Miuccia Prada once famously said, "Fashion is instant language." So, what might our American politicians be saying with the recent news regarding the dress code on the Senate floor? Senator Chuck Schumer, a democrat of New York and the majority leader, has made a sartorial change in the Senate that has thunderous implications. For the first time in centuries, American lawmakers are no longer required to don suits and ties while conducting business on the Senate floor.
"There has been an informal dress code that was enforced," Senator Schumer said in a statement according to the New York Times. "Senators are able to choose what they wear on the Senate floor. I will continue to wear a suit."
To make it clear: the way members of Congress dress is not more important than how they vote, and they are not elected into office because of their wardrobes, but rather because of their campaign promises. But, there is something to be said about dressing for the job.
This change in dress code could be a response to a trickling trend: Senator John Fetterman, the six-foot-eight Democrat from Pennsylvania, was recently seen wearing his signature Carhartt sweatshirts and baggy shorts to work events. Senator Ted Cruz, Republican of Texas, was seen exiting the Senate chamber wearing gray athletic attire from Under Armour after a vote last year. Barack Obama was known to ditch the tie during his presidency, while a borderline vulgar red baseball cap was often worn by Donald Trump.
Outside of politics, American fashion designers ushered athleisure into the international market, making sneakers, hoodies, and cargo pants marketed and priced to be as luxurious as silk shirts and tailored suit jackets. The Kardashians, arbiters of great cultural influence arguably in the same way as the British Royal family is for the UK, made biker shorts and wearing baseball caps inside fashionable. Suits and ties, once the staple of American attire, have seen a tremendous decline in sales. (Kanter Worldpanel reported that spending on men's suits collapsed from $569M a year in 2017 to $194M in 2020, albeit Covid-19 surely influenced this statistic.) Only recently, perhaps ushered by a cultural pendulum swing away from the overly casualness of dress that has ruled the past decade, have suit sales seen a slight comeback.
But, what does it mean when one of the greatest democratic institutions in the world goes casual? What does it say when personalized attire becomes more important than getting the job done?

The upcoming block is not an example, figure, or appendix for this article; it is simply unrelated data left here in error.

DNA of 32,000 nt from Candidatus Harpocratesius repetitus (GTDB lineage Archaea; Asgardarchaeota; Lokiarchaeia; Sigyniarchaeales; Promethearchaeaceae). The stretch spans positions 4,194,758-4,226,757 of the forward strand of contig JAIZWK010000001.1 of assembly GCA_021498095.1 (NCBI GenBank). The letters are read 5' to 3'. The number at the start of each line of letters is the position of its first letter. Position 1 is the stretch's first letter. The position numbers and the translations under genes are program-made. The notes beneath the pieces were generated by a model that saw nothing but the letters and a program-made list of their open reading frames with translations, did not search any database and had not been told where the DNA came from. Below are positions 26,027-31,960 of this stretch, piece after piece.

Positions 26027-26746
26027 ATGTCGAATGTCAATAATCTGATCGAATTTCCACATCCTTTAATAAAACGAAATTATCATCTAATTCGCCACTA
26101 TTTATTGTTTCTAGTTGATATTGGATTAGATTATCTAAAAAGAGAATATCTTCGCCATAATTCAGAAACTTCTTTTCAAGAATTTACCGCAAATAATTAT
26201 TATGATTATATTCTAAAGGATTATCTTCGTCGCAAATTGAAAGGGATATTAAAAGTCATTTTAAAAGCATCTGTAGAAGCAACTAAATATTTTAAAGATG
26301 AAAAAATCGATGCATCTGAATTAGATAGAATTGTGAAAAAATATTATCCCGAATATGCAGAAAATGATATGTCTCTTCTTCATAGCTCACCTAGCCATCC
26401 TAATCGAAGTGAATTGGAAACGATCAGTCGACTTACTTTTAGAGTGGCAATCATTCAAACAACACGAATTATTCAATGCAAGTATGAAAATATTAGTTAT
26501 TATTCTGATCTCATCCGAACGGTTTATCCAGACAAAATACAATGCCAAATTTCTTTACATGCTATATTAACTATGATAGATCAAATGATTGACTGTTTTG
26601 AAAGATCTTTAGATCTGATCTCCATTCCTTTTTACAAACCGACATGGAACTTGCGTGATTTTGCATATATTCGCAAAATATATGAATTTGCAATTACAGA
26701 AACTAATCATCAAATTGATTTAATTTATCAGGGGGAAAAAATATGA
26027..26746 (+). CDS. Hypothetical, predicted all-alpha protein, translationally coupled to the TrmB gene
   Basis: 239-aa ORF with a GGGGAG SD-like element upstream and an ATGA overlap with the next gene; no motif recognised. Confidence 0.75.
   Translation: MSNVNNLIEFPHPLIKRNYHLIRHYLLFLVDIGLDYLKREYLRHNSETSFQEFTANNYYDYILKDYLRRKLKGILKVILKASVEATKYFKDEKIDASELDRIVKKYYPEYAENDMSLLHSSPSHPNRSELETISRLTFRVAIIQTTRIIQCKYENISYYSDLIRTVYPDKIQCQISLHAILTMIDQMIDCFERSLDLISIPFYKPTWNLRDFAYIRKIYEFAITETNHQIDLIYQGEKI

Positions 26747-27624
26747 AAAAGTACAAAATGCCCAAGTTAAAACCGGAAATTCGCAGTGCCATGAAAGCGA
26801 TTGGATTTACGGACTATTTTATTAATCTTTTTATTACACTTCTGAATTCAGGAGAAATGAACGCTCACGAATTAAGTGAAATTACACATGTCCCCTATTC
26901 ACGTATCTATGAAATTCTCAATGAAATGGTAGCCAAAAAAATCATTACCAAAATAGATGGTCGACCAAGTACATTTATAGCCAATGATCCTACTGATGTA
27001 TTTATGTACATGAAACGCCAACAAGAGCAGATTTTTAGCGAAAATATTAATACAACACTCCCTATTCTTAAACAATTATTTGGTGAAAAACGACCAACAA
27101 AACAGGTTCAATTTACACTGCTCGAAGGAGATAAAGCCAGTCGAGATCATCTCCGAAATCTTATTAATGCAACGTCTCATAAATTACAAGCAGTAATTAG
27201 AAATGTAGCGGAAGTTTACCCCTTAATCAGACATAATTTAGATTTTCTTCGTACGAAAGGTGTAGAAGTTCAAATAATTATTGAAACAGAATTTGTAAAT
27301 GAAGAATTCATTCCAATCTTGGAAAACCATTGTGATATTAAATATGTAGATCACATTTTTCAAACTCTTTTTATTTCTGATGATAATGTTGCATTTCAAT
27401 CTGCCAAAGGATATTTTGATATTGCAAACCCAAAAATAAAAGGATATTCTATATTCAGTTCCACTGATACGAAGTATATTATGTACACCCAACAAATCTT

Dressing to one's preference day-to-day is hardly a negative. But doing so in a government setting draws attention to oneself rather than keeping the focus on the occasion and mission. (This is also why many schools require a dress code.) Capitol Hill is not a place to make a fashion statement and when clothing in the Senate chamber teeters on casual, what does it imply as decisions about international relations, taxes, and abortion are being made? Do these issues not call for better sartorial decisions? Casual clothing suggests a casual affair, and these topics are simply the opposite of that. Naysayers who think that clothing and lawmaking (or working) do not correlate are simply ignoring a longstanding truth: clothes have always been a form of non-verbal communication. One's appearance offers an immediate impression to another, and signals respect, personality, and attitude long before words are spoken. "One of my clients is in congress," an art dealer tells T&C. "And, he wouldn't be caught dead in a hoodie."
Despite the ongoing American casualness, rules of dress are not archaic; they are simply a sign of respect for oneself and others. Think of dress codes outside of the political sphere. For opening nights at the opera or theater performances, black tie is often encouraged in a way to honor the performers and production. Cocktail attire is appropriate for gallery openings as a nod to the artists. Even weddings, which vary in dress code requirements, follow the lead of the bride and groom, and those who choose otherwise commit a massive social faux pas. Even at high-end restaurants, the staff is dressed in beautiful blazers and slacks as a sign of respect to the chef, institution, and guests. On the more casual side, a costume is required for a costume party.
Now, these instances of ceremony have the opportunity for personalization, be it with a brooch or particular shoes, or something else. But, the major difference between the aforementioned events and those that happen within the Senate chamber is simple: professional work. The Senate is meant to play as a team (wishful thinking?) and a distraction may occur if a member of that team pulls a Ted Cruz or John Fetterman. Serious matters call for serious clothing, and garments that fall under "casual" should have no place in dictating an outcome that impacts millions of people. "Not only is it a sign of respect for others, but most importantly, yourself," Ralph Fitzgerald, the head suitmaker at Fitzgerald Bespoke located in Manhattan's Chrysler building, says. "It creates such an unspoken confidence."
Captains of all industries will argue that confidence is essential to decision making. The changing aesthetics of fashion are surely welcomed, but there are instances where formality should not be sacrificed for personal preference. A place where laws are made is certainly one of them.
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